Mon - Fri 8am - 7pm ET|

Is Social Networking Not Working for You?

In the last five years, we've seen a social media explosion. With such quick expansion, some companies have probably had their first mishap or uh-oh before it even entered their minds to write a social media policy. In the backlash to avoid future incidents or misunderstandings, some businesses have developed surprisingly strict policies—so strict that their own legal policy might not itself be legal.
It's tough to know where to draw the line—and how to accept that the permissible line might not be in a comfortable place for you. If you can't make the rules as exact as you want them to be, is it possible to convey a sense of unwritten rules instead? In our research, we've seen multiple-page policies and we've see single-sentence policies. Here's what we've gleaned:
Companies that have a rigorous hiring process, and choose candidates who fit with their core values, can enjoy the luxury of a simpler, more loosely defined social media policy. Why? Because the people they hire are on their side. Their employees have no problem walking the talk, because they chose it, and it chose them.
They would no more betray their employer than they would anyone with which they have a trusting, mutually respectful relationship. That, of course, is an ideal scenario, that, if you're not one of the Googles or Zappos of the world, you might not get to play out. If you can't dictate what your employees do on social media, or tell them who they should or shouldn't be friends with, and you don't have that airtight relationship that ensures they will never, ever do wrong…what then?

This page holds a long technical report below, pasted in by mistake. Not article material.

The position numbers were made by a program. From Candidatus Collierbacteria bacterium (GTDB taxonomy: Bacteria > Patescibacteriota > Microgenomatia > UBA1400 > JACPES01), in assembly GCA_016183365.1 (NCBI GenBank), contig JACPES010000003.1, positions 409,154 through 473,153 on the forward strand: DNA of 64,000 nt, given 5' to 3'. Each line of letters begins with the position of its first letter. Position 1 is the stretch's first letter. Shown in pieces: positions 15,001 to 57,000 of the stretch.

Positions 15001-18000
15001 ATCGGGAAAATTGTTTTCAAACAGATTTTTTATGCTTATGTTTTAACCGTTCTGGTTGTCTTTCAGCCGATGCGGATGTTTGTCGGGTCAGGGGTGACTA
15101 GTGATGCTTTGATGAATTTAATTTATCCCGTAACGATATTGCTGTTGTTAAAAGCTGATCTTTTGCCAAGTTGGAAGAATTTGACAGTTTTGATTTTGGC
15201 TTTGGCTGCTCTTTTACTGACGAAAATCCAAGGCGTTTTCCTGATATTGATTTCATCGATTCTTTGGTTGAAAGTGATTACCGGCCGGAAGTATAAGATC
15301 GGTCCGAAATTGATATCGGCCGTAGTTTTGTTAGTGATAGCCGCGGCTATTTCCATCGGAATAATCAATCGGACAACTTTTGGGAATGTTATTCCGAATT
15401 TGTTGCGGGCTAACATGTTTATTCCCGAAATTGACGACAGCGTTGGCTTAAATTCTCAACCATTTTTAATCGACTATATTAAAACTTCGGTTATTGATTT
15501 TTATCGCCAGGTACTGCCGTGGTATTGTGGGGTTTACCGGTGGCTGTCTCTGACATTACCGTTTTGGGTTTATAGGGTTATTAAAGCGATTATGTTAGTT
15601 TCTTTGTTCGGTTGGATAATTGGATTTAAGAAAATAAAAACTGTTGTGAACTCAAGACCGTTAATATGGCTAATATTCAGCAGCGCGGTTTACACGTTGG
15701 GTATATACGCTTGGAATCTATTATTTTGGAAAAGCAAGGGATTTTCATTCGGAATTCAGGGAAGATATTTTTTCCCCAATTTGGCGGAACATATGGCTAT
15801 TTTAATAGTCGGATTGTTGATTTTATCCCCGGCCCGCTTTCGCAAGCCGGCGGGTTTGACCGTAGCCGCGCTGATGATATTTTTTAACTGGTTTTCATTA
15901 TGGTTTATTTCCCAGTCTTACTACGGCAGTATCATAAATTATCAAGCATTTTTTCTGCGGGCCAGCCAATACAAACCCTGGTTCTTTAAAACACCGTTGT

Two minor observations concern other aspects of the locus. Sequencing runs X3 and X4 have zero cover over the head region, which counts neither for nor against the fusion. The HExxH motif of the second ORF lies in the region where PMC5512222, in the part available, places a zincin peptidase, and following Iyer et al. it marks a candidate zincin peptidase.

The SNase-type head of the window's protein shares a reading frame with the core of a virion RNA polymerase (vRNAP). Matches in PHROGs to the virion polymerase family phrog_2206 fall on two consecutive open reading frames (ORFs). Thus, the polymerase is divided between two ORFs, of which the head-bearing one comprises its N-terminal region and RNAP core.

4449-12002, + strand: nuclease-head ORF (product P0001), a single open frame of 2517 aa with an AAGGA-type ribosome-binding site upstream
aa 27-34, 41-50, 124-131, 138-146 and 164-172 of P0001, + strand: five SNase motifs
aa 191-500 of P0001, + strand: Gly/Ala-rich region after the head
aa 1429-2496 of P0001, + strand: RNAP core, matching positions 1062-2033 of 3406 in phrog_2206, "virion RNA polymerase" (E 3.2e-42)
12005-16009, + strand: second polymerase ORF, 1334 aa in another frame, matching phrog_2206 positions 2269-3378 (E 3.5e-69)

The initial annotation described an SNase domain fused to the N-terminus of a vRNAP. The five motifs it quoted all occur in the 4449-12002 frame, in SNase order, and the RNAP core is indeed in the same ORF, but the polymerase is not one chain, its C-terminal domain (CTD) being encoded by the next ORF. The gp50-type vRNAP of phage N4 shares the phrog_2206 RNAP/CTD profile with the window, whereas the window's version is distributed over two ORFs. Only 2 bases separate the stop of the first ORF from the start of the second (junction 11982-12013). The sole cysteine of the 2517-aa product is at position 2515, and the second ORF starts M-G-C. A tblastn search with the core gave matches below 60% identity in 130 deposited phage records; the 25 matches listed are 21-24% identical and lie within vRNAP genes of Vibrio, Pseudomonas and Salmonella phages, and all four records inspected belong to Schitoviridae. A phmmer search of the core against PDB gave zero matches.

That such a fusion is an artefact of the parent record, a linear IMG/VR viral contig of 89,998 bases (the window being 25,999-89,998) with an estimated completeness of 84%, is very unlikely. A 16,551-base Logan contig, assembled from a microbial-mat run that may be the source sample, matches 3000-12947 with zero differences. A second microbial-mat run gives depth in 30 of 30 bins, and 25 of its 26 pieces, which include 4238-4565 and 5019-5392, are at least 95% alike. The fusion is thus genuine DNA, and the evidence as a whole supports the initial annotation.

When it comes to social media sharing, we often learn the price of our activity after we've paid the consequences. You can avoid that with your employees by training them upfront. Present them with scenarios that could potentially unfold from certain kinds of behavior. This could be the loss of respect and trust of their coworkers if indiscretions are too openly shared, or the impact on profitability, should a comment go viral and damage your company's reputation. By helping them understand the potential magnitude of seemingly simple acts, they're better equipped to self-regulate.


*Statistic source: bna.com


Get daily insights, ideas, and inspiration on all things
employee recognition, corporate culture, wellness and more!

Email *
Notification Frequency *

You May Also Like:

Give Positive Employee Feedback with your own Positive Words
The following is a sample list of possible short, positive employee feedback messages that could be handwritten or spoken. Tailor your own personal message to suit the people and performance goals in your organization.
View Article

Give Positive Employee Feedback with your own Positive Words
10 Ways to Revitalize Your Employee Recognition Program
One of the greatest challenges any recognition program faces is maintaining momentum after the newness of the program wears off. Use these easy and low cost ideas to keep your employee recognition program fresh and exciting!
View Article

10 Ways to Revitalize Your Employee Recognition Program

  • Contact Us
  • Catalog Request
  • Shipping & Return Policy
  • Satisfaction Guarantee
  • FAQs
   BizRate Customer Certified (GOLD) Site - Baudville Reviews at Bizrate
1-800-728-0888    5380 52nd Street SE Grand Rapids, MI 49512   
Send comments and corrections to: webmaster
© 2000 - 2016 by Baudville, Inc. All Rights Reserved. Do not duplicate or redistribute in any form.
Legal Notices - Privacy Policy
Live chat by BoldChat